Defendants unsuccessfully sought to introduce evidence of the St. Paul settlement as an offset against any property damage judgment in this case.   They now contend that the exclusion of the evidence was error.   Responding to the Shaffers' argument that the collateral source rule (see Helfend v. Southern Cal. Rapid Transit Dist. (1970) 2 Cal.3d 1, 6, 84 Cal.Rptr. 173, 465 P.2d 61) precludes such an offset, defendants argue that the rule “applies only to personal injury claims, where a company providing medical insurance for which the injured person has paid is not in a position to pursue a subrogation claim.”

 The collateral source rule provides that where “an injured party receives some compensation for his injuries from a source wholly independent of the tortfeasor, such payment should not be deducted from the damages which the plaintiff would otherwise collect from the tortfeasor.”  (Helfend, supra, 2 Cal.3d at p. 6, 84 Cal.Rptr. 173, 465 P.2d 61.)   The rule has been repeatedly reaffirmed by the California Supreme Court as “a policy judgment in favor of encouraging citizens to purchase and maintain insurance for personal injuries and other eventualities.”  (Id. at p. 10, 84 Cal.Rptr. 173, 465 P.2d 61;  see also Hrnjak v. Graymar, Inc. (1971) 4 Cal.3d 725, 729–730, 94 Cal.Rptr. 623, 484 P.2d 599.)   We are, of course, bound by the Supreme Court's pronouncements.  (Auto Equity Sales, Inc. v. Superior Court (1962) 57 Cal.2d 450, 455, 20 Cal.Rptr. 321, 369 P.2d 937.)   As to defendants' suggestion that the rule can somehow be limited to cases of personal injury involving medical insurance payments, the Supreme Court's statement of the rule suggests no such limitation and its reference to “other eventualities” (quoted above) is inconsistent with the proffered interpretation.   Indeed, the Supreme Court has expressly stated the rule so as to include property damage.  (Anheuser–Busch, Inc. v. Starley (1946) 28 Cal.2d 347, 349, 170 P.2d 448.)   As the court summarized in Philip Chang & Sons Associates v. La Casa Novato (1986) 177 Cal.App.3d 159, 166, 222 Cal.Rptr. 800, “The rule has been oft repeated to provide that where a person suffers property damage, the amount of damages shall not be reduced by the receipt by him of payment for his loss from a source wholly independent of the person who caused the injury.”   The contrary rule suggested by defendants would result in a substantial windfall to those parties principally responsible for a plaintiff's property damage.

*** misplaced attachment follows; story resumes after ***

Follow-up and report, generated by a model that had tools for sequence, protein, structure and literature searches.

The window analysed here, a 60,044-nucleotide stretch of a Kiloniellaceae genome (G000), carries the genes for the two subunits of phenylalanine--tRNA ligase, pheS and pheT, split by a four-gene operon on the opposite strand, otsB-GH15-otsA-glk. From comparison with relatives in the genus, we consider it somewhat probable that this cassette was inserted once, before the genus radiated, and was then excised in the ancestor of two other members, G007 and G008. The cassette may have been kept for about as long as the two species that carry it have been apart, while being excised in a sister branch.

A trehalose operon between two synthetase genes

Moreover, the rule worked as it should have in this case.   As Helfend explains, the feared “double recovery” by a plaintiff seldom occurs because the paying insurer is subrogated to the rights of the insured as against the defendants who caused the injury.  (See Helfend, supra, 2 Cal.3d at pp. 10–11, 84 Cal.Rptr. 173, 465 P.2d 61.)   Here, St. Paul was subject to a $753,000 judgment in favor of the Shaffers.   In exchange for a $250,000 discount, it was apparently willing to  wager that the Shaffers would recover no more than that amount as against defendants.   As it turns out, the total award for property damage less alternate living expenses was $174,000.2  In effect, St. Paul obtained more than it would have had it paid the judgment and pursued its subrogation rights.

We accordingly conclude the trial court correctly prohibited defendants from introducing evidence of the Shaffers' receipt of insurance payments from St. Paul.

B. Reduction of Property Damage Award Due to Failure to Mitigate Damages

By special verdict the jury found that 25 percent of “the total amount of property damage to the house ․ could have been avoided by plaintiffs' reasonable care and diligence to avoid loss and minimize the damages.”   Also, in a separate special verdict on negligence, the jury found that 5 percent of “the total negligence which was the legal cause of the plaintiffs' damage” was attributable to the “contributory negligence” of the Shaffers.   The trial court refused to reduce the property damage award by any amount attributable either to a failure to mitigate damages or the Shaffers' comparative negligence.